French engineering, design and project management firm Artelia has been picked to replace Deltares—an independent Dutch institute for applied research in water and subsurface—in a contract to study the impact of the $4 billion Great Ethiopia Renaissance Dam (GERD) on the flow of the Nile River.

The Tripartite National Committee (TNC) of Sudan, Egypt and Ethiopia selected Artelia on Dec. 29 after a three-day meeting in Sudan’s capital Khartoum attended by water and foreign ministers from the three countries.

Artelia will now partner with another French firm, BRL Ingenierie (BRLi), a subsidiary of BRL Group, in carrying out technical studies on the potential impacts of GERD on the flow of the Nile, particularly on downstream countries Egypt and Sudan. The dam, which also is expected to generate 6000 MW of electricity for export, is being constructed on the Blue Nile by Italian construction company Salini Impregilo SpA.

In September, Deltares pulled out of the study contract. In a statement, Deltares said: “After three months of negotiations on possible cooperation for the studies with BRLi…Deltares had to conclude that the conditions imposed by the TNC and BRLi on how the studies should be carried out did not provide guarantees for Deltares that an independent high-quality study could be carried out.” Deltares did not elaborate on what the “conditions” were.

The dam is in Ethiopia, source of 85% of the Nile River’s water, 20 km upstream of its border with Sudan. The project involves construction of a 145-m-high roller-compacted dam with a 74-billion-cubic-meter capacity reservoir, but with an estimated active total storage of 59.2 billion cubic meters. The reservoir will cover an area of 1,874 km2. A 5-km-long, 50-m-high saddle rockfill dam with bituminous surface sealing is also being constructed. Some analysts warn that it may take up to seven years to fill the reservoir, with negative consequences to downstream countries—particularly Egypt.

It is not clear why the study by the two French firms will be important since the dam is reportedly more than 60% complete. Motuma Mekasa, the Ethiopia minister for water resources and energy, said in December, “the construction works of the dam project are ongoing and will not stop.”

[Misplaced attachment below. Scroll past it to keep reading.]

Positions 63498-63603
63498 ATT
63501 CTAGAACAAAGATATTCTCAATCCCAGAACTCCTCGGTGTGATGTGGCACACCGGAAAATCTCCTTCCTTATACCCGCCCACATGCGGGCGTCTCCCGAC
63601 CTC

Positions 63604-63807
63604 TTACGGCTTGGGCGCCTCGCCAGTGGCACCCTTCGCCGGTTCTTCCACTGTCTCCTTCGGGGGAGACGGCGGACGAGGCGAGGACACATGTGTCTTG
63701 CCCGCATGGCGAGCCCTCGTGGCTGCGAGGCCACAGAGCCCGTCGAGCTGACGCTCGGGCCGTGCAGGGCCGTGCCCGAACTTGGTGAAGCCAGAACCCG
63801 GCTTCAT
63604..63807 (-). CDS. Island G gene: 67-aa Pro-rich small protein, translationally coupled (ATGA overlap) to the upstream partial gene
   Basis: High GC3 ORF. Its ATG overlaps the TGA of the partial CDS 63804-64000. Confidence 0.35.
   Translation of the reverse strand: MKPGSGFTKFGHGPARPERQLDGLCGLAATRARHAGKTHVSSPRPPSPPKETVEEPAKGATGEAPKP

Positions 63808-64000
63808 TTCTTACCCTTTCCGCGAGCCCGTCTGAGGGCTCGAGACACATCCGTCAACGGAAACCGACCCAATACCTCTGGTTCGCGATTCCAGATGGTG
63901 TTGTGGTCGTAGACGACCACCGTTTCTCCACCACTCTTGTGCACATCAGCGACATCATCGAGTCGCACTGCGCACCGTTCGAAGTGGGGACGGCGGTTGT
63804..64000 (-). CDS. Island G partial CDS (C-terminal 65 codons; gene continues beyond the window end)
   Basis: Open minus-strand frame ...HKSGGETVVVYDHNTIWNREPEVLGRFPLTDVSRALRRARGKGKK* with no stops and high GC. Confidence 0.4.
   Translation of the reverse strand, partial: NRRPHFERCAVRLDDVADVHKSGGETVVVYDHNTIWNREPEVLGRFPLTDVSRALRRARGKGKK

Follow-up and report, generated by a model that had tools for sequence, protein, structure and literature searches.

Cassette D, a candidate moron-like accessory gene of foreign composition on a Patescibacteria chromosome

In May 2015, the three countries signed a ‘Declaration of Principles’; a 10-point document that outlined the role of Ethiopia, Egypt and Sudan in ending a four-year dispute in the sharing of the Nile water. Egypt, which gets a quota of 55.5 billion cubic meters of the Nile water—an equivalent of more than 90% of its water needs—has raised concerns on the impact of the project on the country’s water security.

The Artelia-BRLi study will be the second in three years. An earlier one by a 10-member “International Panel of Experts” was submitted to the three governments in May 2013. With no known studies about the dam’s impact on Nile River’s flow to reference, the experts relied on vetted documents supplied by the Ethiopian government, in addition to at least four site visits.

The experts’ report says Ethiopia’s document on the project’s hydrological study “is very basic and not yet at a level of detail, sophistication and reliability that would befit a development of this magnitude, importance and with such regional impact as GERD.”

The team also said the original design of the dam was altered “due to various new hydrological, geological and geotechnical findings,” but no details have been provided to explain reasons for the change of the dam’s design or that of project components such as the saddle dam, seepage control and the spillways.

“The stability of the main dam and other structures should be verified under construction of the additional geological and geotechnical findings,” the report noted.

The experts warned that with the construction of GERD’s reservoir, power generation at Egypt’s High Aswan Dam downstream could drop by 6% “due to the general lower water levels in Lake Nasser.”

“Should the filling [of the reservoir] occur during dry periods, the High Aswan Dam will reach minimum operating level during at least four consecutive years, which would significantly impact on water supply to Egypt and cause of loss of power generation at High Aswan Dan for extended periods,” the report states.

International Rivers, an NGO for the protection of rivers, also says the massive reservoir will evaporate an estimated 3 billion cubic meters of water per year, “three times Egypt’s annual rainfall and enough to meet the basic needs of up to 500,000 people.”

Egypt said in December it is “satisfied” with the outcome of the Khartoum meeting and expressed optimism that the country will have a “strategic partnership” with Ethiopia and Sudan.

Ethiopia’s Foreign minister Tedros Adhanom said in a statement in December that the agreement on Artelia as a replacement for Deltares showed progress on ongoing negotiations over GERD, which he said “will be useful to the three countries.”